Thank you Markella (who is in the above photo with me) for coming to both readings and spreading the word. Also for your passion and your writing. Markella is also the FBCW Area Rep for Vernon.
Signing some books. Thank you to all who bought the weight of dew and the book if It. They love it when they fall in your hands.
At the end of the night on our way out Kevin invited us to write on his car (instead of ride in his car). This is his poetic vehicle.
I spent the night, and a very productive morning, at Diane Rhenisch’s house, who I finally had the pleasure to meet. I have known Harold for quite a few years. It was great to chat with Diane over a glass of wine and a chocolate treat.
Thank you, Diane, for your hospitality in your beautiful home. In the quiet moments of the morning while re-reading Jan Zwicky’s Wittgenstein Elegies over coffee, one of those fast running birds around the yard flew into the living room window with a loud thump. I was awake for the rest of the day. It worked better than coffee. The bird flew away, hopefully unharmed. I meant to ask: What are these birds? I wanted a name for them.
Day 4. In Kelowna I met Shannon Linden who was kind to host me at her house for the night. Shannon is a journalist, author, and educator. She is also the FBCW area rep for Kelowna and she is the one who helped book the venue and spread the word and put me in touch with Fern Teleglow (Kelowna Branch Head Librarian). Thank you Shannon for all that and for inviting me into your beautiful home. Everywhere I looked there was something to nourish the spirit.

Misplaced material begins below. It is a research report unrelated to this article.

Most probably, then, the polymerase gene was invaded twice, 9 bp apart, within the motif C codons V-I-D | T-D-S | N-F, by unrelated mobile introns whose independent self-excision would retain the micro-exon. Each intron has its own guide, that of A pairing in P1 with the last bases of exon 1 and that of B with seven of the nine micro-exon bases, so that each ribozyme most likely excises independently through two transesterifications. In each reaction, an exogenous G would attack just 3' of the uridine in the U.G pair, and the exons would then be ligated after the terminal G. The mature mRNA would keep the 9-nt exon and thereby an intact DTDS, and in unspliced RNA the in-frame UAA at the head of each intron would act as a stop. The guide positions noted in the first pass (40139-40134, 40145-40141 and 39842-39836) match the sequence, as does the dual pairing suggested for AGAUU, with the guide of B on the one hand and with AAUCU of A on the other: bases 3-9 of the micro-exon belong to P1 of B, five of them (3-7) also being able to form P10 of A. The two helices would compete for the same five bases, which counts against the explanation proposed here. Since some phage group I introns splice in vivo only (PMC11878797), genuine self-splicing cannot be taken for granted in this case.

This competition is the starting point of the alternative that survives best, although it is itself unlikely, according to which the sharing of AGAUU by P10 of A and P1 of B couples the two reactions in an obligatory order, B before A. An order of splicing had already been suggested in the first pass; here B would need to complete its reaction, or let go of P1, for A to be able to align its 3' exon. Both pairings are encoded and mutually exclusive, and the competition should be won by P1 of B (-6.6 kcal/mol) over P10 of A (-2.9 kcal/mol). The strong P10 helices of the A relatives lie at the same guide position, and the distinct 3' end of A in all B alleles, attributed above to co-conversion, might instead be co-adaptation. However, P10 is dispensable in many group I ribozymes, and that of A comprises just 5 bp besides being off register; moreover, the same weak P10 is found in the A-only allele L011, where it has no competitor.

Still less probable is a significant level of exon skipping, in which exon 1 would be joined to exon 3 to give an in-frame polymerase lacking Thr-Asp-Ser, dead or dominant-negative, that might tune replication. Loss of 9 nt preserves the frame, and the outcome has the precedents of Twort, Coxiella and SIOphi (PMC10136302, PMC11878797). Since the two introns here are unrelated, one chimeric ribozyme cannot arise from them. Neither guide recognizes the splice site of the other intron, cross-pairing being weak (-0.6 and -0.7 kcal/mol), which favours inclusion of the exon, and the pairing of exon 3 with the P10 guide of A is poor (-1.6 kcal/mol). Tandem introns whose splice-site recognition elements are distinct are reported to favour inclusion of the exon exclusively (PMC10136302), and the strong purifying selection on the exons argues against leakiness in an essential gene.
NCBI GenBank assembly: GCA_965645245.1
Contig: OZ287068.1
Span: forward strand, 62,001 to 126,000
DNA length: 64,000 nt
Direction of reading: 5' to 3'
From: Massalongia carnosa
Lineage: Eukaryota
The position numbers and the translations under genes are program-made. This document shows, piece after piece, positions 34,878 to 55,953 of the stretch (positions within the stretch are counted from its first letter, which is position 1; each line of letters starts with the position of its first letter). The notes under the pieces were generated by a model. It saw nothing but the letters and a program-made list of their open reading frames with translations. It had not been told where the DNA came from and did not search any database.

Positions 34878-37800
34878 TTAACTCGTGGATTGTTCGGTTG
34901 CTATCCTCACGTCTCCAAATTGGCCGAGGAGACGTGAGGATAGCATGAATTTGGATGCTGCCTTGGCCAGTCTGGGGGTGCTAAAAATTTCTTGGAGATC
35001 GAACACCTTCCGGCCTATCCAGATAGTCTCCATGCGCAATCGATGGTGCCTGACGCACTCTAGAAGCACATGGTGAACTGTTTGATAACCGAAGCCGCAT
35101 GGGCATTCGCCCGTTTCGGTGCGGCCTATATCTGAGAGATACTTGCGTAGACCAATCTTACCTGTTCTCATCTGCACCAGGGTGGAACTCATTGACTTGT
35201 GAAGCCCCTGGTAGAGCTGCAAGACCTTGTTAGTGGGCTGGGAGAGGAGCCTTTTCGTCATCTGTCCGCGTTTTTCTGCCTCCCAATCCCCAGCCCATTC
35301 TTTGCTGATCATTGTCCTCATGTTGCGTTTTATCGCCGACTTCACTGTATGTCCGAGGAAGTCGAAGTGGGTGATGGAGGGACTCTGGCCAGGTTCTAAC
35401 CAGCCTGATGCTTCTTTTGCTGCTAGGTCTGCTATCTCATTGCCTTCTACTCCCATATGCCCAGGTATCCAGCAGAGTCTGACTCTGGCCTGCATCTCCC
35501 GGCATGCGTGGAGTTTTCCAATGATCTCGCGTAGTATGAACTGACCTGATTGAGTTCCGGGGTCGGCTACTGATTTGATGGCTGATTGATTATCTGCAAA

Fern assisted us with booking and setting up the space as well. Thanks goes to the library for providing the space. Poet Nancy Holmes also did a fabulous job spreading the word. Thank you Nancy for being our MC for the night. It was a delight to read alongside Portia Priegert, who joined me as a guest reader that night. Thank you Portia for your exploration of place, for the valleys and the bowls and the shells. And to all the people who found time in their busy day to come out that night, thank you. Including Shannon’s daughter (who is 15 and a writer as well) and including the youngest person in the audience who was 10. She is also a writer and I was so happy to meet her and see her go home with the little book of It.
After the reading a few of us went to a pub/bar where the conversations and the laughter continued and Nancy treated us to some delicious Red Rooster 2010 pinot blonc white wine and a Mediterranean feast.
I also had the pleasure of meeting Vikki Drummond who came to the reading and joined us for a drink. I found out that this painting hanging on a wall in Shannon’s house was painted by Vikki. Then I checked Vikki’s website and all of a sudden I saw a sensibility that the book of It likes very much. We will see what emerges from these mutual inspirations.